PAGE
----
Comic Books Have Gone Crazy

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The cover of The Fantastic Four issue 3 from 1961

“I’ve kept a limited number of comic books from my youth, ranging from the 1960s to the 1980s, and occasionally take a few out and read them. I’m not really into comic books anymore, especially the current titles, and for a lot of reasons.

Originally, I started collecting them in the late 1960s when I was in Junior High, and I’d been reading them since I was old enough to read because they were so much fun. In the ’60s and ’70s, I was mainly into Marvel comics (Fantastic Four, Spider-Man, the X-Men and so on), but I rediscovered DC in the late 80s when they did the first reboot of their titles.

More recently, I used my local public library system and checked out Vertigo DC graphic novels such as V for Vendetta and The Watchmen as well as the Sandman (the Wesley Dodd costumed hero, not the other guy) because they were more edgy and I was an adult. In the case of the first two titles, I wanted to understand the basis for the films they became, and in the Sandman’s case, I just enjoy the character and the 1930s vibe.

I’ve kept in touch with how comic books have been morphing in more recent years, and generally give them a wide berth. The superheroes I once admired and who taught me about courage, innovation, and adventure, had become unrecognizable as well as unoriginal. Numerous reboots later, all of the old villains and storylines had been rehashed ad nauseam, just like what we see in both the film and television industries, and I don’t intend to pay for the privilege of being bored.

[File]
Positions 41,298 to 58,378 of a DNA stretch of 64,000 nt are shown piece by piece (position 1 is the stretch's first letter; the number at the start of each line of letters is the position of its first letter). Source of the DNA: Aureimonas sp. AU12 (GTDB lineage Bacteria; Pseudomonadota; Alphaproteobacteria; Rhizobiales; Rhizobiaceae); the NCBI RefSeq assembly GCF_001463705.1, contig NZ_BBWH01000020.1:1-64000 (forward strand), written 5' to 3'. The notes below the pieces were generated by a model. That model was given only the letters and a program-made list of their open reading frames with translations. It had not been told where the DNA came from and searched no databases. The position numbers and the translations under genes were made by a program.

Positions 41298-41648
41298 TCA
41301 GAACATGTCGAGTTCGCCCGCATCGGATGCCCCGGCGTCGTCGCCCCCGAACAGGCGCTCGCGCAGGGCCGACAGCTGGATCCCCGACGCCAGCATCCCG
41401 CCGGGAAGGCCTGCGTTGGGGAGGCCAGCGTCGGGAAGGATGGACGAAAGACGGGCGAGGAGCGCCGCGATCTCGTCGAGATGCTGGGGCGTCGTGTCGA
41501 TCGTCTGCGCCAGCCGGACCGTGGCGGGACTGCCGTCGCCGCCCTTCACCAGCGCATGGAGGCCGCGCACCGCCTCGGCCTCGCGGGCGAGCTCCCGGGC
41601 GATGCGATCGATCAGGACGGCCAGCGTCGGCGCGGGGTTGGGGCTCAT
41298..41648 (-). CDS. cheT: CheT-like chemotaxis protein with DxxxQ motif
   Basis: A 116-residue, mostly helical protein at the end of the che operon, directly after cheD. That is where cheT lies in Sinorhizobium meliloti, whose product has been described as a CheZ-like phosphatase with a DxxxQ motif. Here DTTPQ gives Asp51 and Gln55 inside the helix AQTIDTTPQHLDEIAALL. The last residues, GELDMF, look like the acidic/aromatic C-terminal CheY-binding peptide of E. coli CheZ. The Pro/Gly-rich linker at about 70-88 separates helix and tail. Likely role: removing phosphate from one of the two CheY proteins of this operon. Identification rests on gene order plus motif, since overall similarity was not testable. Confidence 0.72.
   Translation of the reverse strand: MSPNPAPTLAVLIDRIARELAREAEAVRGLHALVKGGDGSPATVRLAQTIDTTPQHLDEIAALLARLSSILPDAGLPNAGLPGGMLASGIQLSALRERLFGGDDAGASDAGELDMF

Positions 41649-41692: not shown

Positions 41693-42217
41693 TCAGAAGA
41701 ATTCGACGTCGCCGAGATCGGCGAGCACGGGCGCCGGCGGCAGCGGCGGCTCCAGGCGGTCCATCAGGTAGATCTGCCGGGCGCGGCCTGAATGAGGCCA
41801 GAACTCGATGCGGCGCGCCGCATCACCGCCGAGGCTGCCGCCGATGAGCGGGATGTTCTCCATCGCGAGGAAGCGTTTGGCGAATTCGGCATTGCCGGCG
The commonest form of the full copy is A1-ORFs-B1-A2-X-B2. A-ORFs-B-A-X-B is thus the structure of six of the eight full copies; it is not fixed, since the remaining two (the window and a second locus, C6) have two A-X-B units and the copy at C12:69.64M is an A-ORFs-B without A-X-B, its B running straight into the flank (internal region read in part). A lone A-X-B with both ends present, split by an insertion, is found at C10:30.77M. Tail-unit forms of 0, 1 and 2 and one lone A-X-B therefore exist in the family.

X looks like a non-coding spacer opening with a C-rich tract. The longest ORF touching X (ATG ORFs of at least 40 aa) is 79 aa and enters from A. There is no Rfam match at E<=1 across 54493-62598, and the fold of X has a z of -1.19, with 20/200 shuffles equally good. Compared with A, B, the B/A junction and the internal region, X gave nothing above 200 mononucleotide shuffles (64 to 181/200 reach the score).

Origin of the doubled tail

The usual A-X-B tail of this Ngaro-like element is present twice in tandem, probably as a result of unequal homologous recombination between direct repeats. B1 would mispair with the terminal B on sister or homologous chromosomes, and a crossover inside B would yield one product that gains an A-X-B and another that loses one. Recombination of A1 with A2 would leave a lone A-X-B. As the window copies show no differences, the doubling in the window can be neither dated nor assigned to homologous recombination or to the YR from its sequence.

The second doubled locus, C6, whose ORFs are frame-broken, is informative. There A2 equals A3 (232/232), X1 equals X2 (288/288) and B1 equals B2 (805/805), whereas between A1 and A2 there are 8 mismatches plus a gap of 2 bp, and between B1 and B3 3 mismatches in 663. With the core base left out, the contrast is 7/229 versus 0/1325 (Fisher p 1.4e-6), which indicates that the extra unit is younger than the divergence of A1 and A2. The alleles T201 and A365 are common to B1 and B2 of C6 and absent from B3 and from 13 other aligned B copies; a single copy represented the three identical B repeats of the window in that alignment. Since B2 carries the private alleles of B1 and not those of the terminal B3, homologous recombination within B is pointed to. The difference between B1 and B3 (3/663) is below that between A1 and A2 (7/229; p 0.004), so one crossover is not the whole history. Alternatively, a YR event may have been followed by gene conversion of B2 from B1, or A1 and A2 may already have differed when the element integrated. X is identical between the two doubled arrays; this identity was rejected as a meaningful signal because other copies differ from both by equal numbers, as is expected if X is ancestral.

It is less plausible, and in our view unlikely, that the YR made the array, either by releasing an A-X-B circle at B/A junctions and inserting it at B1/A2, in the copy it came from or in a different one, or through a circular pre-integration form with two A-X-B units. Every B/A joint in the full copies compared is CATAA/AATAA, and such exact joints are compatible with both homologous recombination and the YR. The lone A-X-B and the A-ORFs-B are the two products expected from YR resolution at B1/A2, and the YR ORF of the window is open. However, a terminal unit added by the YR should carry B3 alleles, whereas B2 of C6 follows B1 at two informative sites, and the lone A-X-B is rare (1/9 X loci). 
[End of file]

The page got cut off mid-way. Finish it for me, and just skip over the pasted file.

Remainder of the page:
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Worlds: Stupid Sci-Fi Film Tricks, The Nuclear Option.

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Poster from the 1996 film “Independence Day”

Periodically, I read fictional stories depicting the aftermath of a nuclear war as having devastating effects 500, 800, 1000 years or more afterward. But when I consult a credible source on the topic, recovery from such an event is considered relatively swift (months and years, not centuries). It is true that in the case of a “modest” nuclear war such as between India and Pakistan, nuclear winter (or significant cooling at any rate) would last years/decades, but afterward there would still be recovery.

Don’t get me wrong, I’m not saying nuclear war is a good thing or that it shouldn’t be avoided, but it seems when a lot of folks consider the “unthinkable,” whether it’s nations using nuclear weapons or a person using a firearm in the commission of a crime, there’s a tendency to jump from zero to panic.

Huggins’ blog post reminded me of this, so I thought I’d do a reblog.

Oh, “Independence Day” is my favorite “Fourth of July” movie. Really, you can’t take it seriously. It’s just for fun.

G. Scott Huggins

A version of this post appeared earlier on my Patreon site, but I thought it was worth exploring here.

Let me introduce you to one of my pet peeves about SF movies in general, through that awesomely terrible film, Independence Day, a film that apparently existed for the sole purpose of trying to make Will Smith and Bill Pullman as President Lone Starr into badasses, if you kinda squint. Hard.